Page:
by Eve SZEFTEL
After four years in office, Donald Trump has failed to achieve his promise to eliminate the US trade deficit, and dealt a lasting blow to the multilateral economic system that global trade is based upon, analysts say.
But even if Democrat Joe Biden wins the presidential election as most opinion polls currently show, US trade policy is likely to maintain a protectionist streak and the confrontation with China to persist.
One of Trumpâ€™s main 2016 campaign themes was that the United States â€” the worldâ€™s biggest economy â€” had been taken advantage of by its trade partners and he pledged to shake up global trade arrangements and eliminate the nationâ€™s trade deficit.
Trump has indeed shaken up the global trading system but the US trade deficit has grown under his presidency, and analysts say he has little to show for his efforts.
â€œTrumpâ€™s trade policies have delivered few tangible benefits to the US economy while undercutting the multilateral trading system, disrupting long-standing alliances with US trading partners, and fomenting uncertainty,â€� said Cornell University professor EswarÂ Prasad.
While the US trade deficit with China â€” which was Trumpâ€™s main target â€” has indeed shrunk, imports from Canada and Mexico have jumped, deepening the overall deficit.
The import tariff increases that Washington has imposed on many products have â€œprotected American manufacturersâ€�, according to Gianluca Orefice, an economics professor at the University of Paris-Dauphine.
But those tariffs also â€œraised production costsâ€� for US industry and demonstrated the extent of the reliance on Chinese suppliers.
â€“ â€˜Breaking not buildingâ€™ Â â€“
The global economic infrastructure is now in a deep state of flux.
â€œObviouslyÂ hisÂ policyÂ has beenÂ deeplyÂ damagingÂ withÂ respect to Europe, to the WTO,Â whichÂ willÂ beÂ hard toÂ repair,â€� said Edward Alden, a journalist and author who specialises on US trade policy and who is currently a fellow at the Council on Foreign Relations think tank.
Trumpâ€™s refusal to appointÂ new judges has paralysed the World Trade Organizationâ€™s dispute resolution system, hobbling the arbitrator of the worldâ€™s multilateral trading system.
â€œDonald Trump has shown he is capable of breaking, but incapable of building,â€� said Sebastien Jean, director of CEPII, the main French institute for research into international economics.
â€œWhen one looks at what he got from China one is tempted to say: All thatÂ for that?â€� he added.
Meanwhile, â€œthe Trump administrationâ€™s erratic statements and policy decisions have resulted in the US being perceived as an unreliable and untrustworthy trading partner,â€� said Cornellâ€™s Prasad.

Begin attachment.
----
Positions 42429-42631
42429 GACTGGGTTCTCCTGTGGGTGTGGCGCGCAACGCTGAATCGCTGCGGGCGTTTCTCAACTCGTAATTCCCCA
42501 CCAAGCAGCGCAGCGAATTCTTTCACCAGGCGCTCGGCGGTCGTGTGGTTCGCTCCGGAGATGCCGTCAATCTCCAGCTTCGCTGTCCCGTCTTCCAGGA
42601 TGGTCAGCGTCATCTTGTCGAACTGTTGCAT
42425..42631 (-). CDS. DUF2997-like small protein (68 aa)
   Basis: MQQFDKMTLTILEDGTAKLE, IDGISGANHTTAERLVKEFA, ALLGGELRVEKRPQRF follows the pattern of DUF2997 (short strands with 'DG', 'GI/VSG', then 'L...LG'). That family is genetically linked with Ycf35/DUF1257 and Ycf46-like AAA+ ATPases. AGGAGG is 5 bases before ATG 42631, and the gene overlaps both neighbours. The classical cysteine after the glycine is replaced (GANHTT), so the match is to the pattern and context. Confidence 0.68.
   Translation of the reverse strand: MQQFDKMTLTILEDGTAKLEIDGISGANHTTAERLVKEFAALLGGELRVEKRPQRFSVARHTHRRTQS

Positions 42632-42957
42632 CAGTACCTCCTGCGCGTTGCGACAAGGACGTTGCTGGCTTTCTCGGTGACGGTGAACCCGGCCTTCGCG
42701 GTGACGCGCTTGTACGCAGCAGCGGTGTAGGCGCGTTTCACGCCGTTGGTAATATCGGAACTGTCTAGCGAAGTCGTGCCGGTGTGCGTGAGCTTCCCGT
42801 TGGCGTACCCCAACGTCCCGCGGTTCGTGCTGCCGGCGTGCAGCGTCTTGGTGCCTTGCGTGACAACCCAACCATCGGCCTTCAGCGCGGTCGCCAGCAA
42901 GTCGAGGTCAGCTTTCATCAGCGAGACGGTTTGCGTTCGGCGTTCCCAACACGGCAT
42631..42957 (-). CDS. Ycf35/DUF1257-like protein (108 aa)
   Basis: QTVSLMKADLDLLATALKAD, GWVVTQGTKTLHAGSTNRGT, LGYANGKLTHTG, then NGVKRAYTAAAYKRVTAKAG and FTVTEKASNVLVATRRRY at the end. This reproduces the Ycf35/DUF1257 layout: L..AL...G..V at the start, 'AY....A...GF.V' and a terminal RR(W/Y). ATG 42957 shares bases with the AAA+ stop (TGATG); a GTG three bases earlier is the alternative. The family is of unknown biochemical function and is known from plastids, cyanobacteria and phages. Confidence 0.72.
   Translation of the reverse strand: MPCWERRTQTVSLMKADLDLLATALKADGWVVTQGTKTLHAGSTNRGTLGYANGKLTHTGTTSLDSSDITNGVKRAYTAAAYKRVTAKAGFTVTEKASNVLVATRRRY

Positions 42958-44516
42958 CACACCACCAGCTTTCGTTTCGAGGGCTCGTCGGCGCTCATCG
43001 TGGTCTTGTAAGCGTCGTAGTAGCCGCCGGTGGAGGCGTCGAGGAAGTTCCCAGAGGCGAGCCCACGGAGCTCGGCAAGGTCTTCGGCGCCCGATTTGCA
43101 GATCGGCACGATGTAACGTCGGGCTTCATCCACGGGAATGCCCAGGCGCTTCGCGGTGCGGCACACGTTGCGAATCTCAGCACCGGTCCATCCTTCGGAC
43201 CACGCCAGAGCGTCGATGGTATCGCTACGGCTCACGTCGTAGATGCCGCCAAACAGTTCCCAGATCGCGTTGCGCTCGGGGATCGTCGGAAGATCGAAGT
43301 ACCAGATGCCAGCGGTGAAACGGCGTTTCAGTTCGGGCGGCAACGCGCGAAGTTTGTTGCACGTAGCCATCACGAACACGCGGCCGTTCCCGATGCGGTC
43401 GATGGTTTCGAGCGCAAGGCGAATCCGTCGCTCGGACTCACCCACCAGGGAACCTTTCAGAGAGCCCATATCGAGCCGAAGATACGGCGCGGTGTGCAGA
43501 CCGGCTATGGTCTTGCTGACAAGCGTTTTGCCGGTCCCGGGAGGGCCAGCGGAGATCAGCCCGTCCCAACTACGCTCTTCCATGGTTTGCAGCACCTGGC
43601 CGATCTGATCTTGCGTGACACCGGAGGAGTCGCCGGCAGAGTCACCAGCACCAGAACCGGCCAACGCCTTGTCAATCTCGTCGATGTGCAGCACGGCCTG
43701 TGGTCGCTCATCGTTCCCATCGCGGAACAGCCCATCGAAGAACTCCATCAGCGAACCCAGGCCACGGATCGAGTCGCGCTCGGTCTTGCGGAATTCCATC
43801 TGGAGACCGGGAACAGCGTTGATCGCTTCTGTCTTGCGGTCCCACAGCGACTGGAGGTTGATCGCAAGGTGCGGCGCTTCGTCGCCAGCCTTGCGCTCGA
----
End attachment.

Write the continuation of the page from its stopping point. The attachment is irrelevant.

This has led certain countries toÂ go around the US and conclude bilateral or multilateral trade pacts, such as when Pacific nations went ahead with a deal after Trump pulled his country out of the Trans-Pacific Partnership.
Trump had vaunted his deal-making prowess as a businessman before his election, but he has shown little taste for intricate and intense multilateral trade negotiations.
Instead he prefers to air grievances against German cars and a French tax on the big tech giants.
â€“ Changing the dynamic â€“
Trumpâ€™s four years in office have resulted in â€œthe weakening of the rules-based multilateral trading system, embodied by the WTO, that the US was instrumental in setting up,â€� said Prasad.
US journalist Alden does credit Trump with successfully renegotiating theÂ North American Free Trade Agreement with Canada and Mexico, an effort that was supported by both Democrats and Republicans.
CEPIIâ€™s Jean also credits Trump with changing the dynamic concerning China, which helped the EU change its policy towards Beijing, including several European countries joining the US in banning 5G mobile equipment from Chinese manufacturer Huawei.
The Brussels-based European think tank Bruegel said it believes that a Biden victory would mean a return to more courteous US style of diplomacy.
But the content may not change that much.
â€œTheÂ differencesÂ betweenÂ Trump and Biden on trade are smaller thanÂ onÂ manyÂ otherÂ issues,â€� said Alden.
The positions of both Democrats and Republicans have hardened in recent years towards China, which is now viewed as a rival that needs to be contained as it has not evolved into a liberal market economy as had been hoped.
â€œUnder either candidate, the trade war is likely to spread,â€� said Vicky Redwood at Capital Economics.
â€œThe trade war was basically inevitable given Chinaâ€™s economic rise and persistence with high levels of state intervention rather than adoption of market forces,â€� she said.
Â© Agence France-Presse